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Northwest Voices

Seattle Times letters to the editor

July 27, 2009 at 4:00 PM

Bag tax: Seattle taking step in the right direction

Seattle a pioneer of reusable bag use

After reading the article, “20 cents per bag: Would it change our behavior?” [page one, July 18], I find myself questioning a few things.

I think it is amazing that Seattle is one of the pioneers on reusable shopping bags. We have always been a fairly green city. Because of this, I wonder why there is so much backlash against this new plastic-bag tax?

Surely, 20 cents seems a bit steep, but it’s definitely an incentive to purchase reusable bags that only cost a few initial dollars while providing a lifetime of saving the environment.

It’s a simple solution to the problem we see today with plastic bags, among other items, ending up in landfills across the country. There is no excuse, especially if Seattle is offering a free tote for every family. Sure, it will be a hassle at first, but I think this will revolutionize how we shop.

Keep the green coming!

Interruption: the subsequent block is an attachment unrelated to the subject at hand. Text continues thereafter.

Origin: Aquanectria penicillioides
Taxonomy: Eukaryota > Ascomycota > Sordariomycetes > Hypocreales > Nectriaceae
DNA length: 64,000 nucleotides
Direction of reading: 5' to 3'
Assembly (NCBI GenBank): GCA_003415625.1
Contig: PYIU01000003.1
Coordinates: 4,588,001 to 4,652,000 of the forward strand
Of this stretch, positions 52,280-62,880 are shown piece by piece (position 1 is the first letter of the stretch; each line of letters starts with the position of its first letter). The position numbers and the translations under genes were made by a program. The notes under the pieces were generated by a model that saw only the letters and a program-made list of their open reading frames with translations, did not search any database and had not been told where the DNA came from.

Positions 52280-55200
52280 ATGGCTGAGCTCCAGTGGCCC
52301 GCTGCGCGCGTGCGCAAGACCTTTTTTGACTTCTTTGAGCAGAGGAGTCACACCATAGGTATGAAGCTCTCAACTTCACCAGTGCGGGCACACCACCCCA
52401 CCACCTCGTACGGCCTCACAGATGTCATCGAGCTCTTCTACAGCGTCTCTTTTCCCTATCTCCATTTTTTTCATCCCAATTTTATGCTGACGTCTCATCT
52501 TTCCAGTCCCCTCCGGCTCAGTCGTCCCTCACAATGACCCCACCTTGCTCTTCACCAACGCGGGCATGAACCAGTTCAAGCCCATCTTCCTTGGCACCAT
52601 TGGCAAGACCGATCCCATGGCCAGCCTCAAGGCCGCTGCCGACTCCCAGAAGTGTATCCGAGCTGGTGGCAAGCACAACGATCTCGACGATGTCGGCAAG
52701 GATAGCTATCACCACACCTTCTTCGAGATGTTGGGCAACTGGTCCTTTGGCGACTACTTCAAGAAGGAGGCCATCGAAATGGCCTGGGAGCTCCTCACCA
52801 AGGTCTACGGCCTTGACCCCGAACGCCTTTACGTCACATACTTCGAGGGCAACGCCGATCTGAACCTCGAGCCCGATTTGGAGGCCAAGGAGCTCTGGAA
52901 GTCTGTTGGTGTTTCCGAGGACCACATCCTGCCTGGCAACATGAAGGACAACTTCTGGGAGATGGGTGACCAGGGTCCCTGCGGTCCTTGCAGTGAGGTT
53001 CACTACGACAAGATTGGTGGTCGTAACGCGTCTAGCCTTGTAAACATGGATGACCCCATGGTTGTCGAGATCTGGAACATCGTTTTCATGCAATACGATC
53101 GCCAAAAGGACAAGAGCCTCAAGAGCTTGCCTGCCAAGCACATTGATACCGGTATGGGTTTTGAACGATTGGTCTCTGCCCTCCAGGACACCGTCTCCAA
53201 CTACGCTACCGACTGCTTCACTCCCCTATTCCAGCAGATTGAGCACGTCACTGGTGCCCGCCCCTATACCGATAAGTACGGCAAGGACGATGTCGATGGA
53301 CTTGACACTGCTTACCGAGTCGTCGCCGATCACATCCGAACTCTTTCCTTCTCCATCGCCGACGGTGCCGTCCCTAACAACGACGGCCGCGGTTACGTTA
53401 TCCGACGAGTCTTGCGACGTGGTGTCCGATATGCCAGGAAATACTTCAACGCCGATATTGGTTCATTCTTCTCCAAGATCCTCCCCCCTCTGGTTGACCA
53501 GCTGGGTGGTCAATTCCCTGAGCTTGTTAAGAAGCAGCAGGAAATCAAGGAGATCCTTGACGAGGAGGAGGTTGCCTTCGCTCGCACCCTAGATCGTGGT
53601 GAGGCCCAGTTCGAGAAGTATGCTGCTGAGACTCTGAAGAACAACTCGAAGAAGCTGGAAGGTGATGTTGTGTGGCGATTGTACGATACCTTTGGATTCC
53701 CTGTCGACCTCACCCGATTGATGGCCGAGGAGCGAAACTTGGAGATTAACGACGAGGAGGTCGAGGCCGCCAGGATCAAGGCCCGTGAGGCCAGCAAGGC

— Brittany Gerhart, Renton

With enforcement, bad habits changed for betterment of all

In the past year or so, many excellent local and state rulings have provided better structure for our safety and quality of life but little or no publicity or enforcement has occurred to provide motivation to change old habits.

Some examples: continued texting and cellphone use while driving, little or no public knowledge of the 3-foot clearance rule for cyclists and pedestrians and continued restaurant use of styrofoam containers in Seattle.

Now, voters will be inundated with propaganda from the American Chemistry Council and others to eliminate the fee for using plastic bags, reversing a positive and progressive environmental commitment we have made to lessen the impact of plastics in Puget Sound and in the oceans.

To make positive changes for public safety and better quality of life — any change, individually or collectively — takes enormous will and effort to rise above old habits and behaviors.

It helps to be informed and understand the reasons for these new positions. Sometimes it takes the discipline of law enforcement to encourage better behavior.

With collective, conscious choices to be and do better as human beings, there will always be some hesitation and resistance — but making evolutionary changes is a certain part of moving upward and forward in learning to live more harmoniously with our planet and one another.

If internal motivation doesn’t provide enough discipline to do what is right, external enforcement can close the gap. Despite how I personally favor less legal interference in personal lives, improving our collective future must be a higher priority.

— Denise Mannino, Kirkland

Comments | More in Environment, Seattle, Taxes


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